Henry Hill grows up in the 1950s, in a Brooklyn neighbourhood where Italian-American gangsters walk tall in the streets, commanding the respect of their peers. Young Henry dreams that one day he too might be a professional 'wiseguy' - a 'goodfella'. His wishes come true with remarkable speed once he teams up with renowned hoodlum Jimmy Conway and his alarmingly psychotic pal Tommy DeVito. Henry embarks on an everyday life of crime which takes him from rags to gaudy riches, in and out of the federal penitentiary and under the unwelcome spotlight of the FBI. As the 1970s turn sour Henry finds himself at the sharp end of the cocaine trade, increasingly adrift from his extended mobster 'family' and forced to make a tough decision about his future. The film that re-established Martin Scorsese's eminence among American directors after years of professional difficulties, 'GoodFellas' is a tour de force which lays bare the crude and venal motives which drive a happy band of thieves and murderers.
Orange Coast Magazine is the oldest continuously published lifestyle magazine in the region, bringing together Orange County¹s most affluent coastal communities through smart, fun, and timely editorial content, as well as compelling photographs and design. Each issue features an award-winning blend of celebrity and newsmaker profiles, service journalism, and authoritative articles on dining, fashion, home design, and travel. As Orange County¹s only paid subscription lifestyle magazine with circulation figures guaranteed by the Audit Bureau of Circulation, Orange Coast is the definitive guidebook into the county¹s luxe lifestyle.
More than 150 years after its original publication, BARTLETT'S FAMILIAR QUOTATIONS has been completely revised and updated for its eighteenth edition. BARTLETT'S showcases a sweeping survey of world history, from the times of ancient Egyptians to present day. New authors include Warren Buffett, the Dalai Lama, Bill Gates, David Foster Wallace, Emily Post, Steve Jobs, Jimi Hendrix, Paul Krugman, Hunter S. Thompson, Jon Stewart, Elizabeth Kubler-Ross, Barack Obama, Che Guevara, Randy Pausch, Desmond Tutu, Julia Child, Fran Leibowitz, Harper Lee, Nassim Nicholas Taleb, Patti Smith, William F. Buckley, and Robert F. Kennedy. In the classic BARTLETT'S tradition, the book offers readers and scholars alike a vast, stunning representation of those words that have influenced and molded our language and culture.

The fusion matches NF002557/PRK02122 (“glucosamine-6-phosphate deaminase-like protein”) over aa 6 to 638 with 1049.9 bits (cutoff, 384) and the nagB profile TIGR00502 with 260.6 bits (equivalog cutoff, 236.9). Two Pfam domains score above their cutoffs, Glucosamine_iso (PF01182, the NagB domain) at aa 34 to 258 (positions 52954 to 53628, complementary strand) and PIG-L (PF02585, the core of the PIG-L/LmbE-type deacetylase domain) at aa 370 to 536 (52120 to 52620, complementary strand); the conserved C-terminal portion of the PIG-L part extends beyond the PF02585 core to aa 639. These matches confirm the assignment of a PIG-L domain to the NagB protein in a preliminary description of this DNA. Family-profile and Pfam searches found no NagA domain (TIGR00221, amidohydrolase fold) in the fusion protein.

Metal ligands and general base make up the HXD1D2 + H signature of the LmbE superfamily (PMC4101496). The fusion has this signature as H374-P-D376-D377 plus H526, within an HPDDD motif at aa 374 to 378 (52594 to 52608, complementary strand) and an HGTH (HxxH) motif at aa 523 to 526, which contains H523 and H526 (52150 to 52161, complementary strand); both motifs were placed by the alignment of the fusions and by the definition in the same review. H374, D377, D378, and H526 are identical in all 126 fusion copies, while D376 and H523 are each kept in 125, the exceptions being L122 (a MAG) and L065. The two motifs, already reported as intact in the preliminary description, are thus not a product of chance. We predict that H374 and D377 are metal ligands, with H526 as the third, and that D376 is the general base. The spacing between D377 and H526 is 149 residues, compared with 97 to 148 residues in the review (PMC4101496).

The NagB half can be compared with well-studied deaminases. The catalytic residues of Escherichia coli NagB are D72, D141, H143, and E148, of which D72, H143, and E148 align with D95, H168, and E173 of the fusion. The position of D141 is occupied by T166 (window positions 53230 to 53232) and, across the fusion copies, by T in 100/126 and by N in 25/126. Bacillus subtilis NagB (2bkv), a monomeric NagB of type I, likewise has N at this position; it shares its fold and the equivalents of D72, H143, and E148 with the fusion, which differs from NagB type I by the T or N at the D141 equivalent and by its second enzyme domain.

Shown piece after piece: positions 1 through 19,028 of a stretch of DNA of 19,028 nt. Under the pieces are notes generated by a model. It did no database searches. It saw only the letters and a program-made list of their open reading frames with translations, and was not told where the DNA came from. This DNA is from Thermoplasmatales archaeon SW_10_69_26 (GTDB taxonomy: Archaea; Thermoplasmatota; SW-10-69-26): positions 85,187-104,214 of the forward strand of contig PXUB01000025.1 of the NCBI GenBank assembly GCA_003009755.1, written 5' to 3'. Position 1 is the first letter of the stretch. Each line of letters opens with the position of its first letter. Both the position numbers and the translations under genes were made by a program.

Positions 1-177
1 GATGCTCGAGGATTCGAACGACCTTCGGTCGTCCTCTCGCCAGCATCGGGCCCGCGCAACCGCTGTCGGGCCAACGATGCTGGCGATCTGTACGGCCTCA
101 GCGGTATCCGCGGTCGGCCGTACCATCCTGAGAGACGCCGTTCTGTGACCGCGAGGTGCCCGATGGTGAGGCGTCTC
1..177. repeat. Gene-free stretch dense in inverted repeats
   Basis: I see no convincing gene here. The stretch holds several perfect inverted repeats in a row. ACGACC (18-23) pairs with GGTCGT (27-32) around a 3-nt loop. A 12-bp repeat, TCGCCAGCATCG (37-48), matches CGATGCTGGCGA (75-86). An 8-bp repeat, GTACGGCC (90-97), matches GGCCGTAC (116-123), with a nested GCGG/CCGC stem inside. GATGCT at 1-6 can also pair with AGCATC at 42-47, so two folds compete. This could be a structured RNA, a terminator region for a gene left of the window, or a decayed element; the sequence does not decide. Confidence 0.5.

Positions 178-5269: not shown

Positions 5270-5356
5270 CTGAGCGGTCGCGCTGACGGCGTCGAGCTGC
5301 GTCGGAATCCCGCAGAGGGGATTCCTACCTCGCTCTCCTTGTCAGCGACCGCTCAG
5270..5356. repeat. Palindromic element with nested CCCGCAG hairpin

Martin Scorsese's current position in the international film community is unrivaled, and his name has become synonymous with the highest standards of filmmaking excellence. He is widely considered America's best living film director, and his Taxi Driver and Raging Bull appear frequently on worldwide surveys of the best films of all time. Here, in the first biographical account of this artist's life, Vincent LoBrutto traces Scorsese's Italian-American heritage, his strict Catholic upbringing, the continuing role of religion in his life and art, his obsessive love of cinema history, and the powerful impact that the streets of New York City had on his personal life and his professional career. Meanwhile, the filmmaker's humble, soft-spoken public persona tells only part of the story, and LoBrutto will delve into the other side of a complex and often tortured personality. Scorsese's intense passion, his private relationships, his stormy marriages, and his battles with drugs and depression are all chronicled here, and, in many cases, for the first time. In addition, the book includes an interview with the director, as well as filmographies cataloging his work as a director, producer, actor, and presenter. As his Best Director award at the 2007 Oscars clearly demonstrated, Scorsese has become something like Hollywood royalty in recent years, finally enjoying the insider status and favor that eluded him for most of his career. But these recent developments aside, Scorsese is also notable as a distinctly American type of artist, one whose work-created in a medium largely controlled by commercialism and marketing-has always been unmistakably his own, and who thus remains a touchstone of artistic integrity in American cinema. In Martin Scorsese: A Biography, readers can examine not only the work of one of the form's genuine artists, but also the forces that have propelled the man behind it.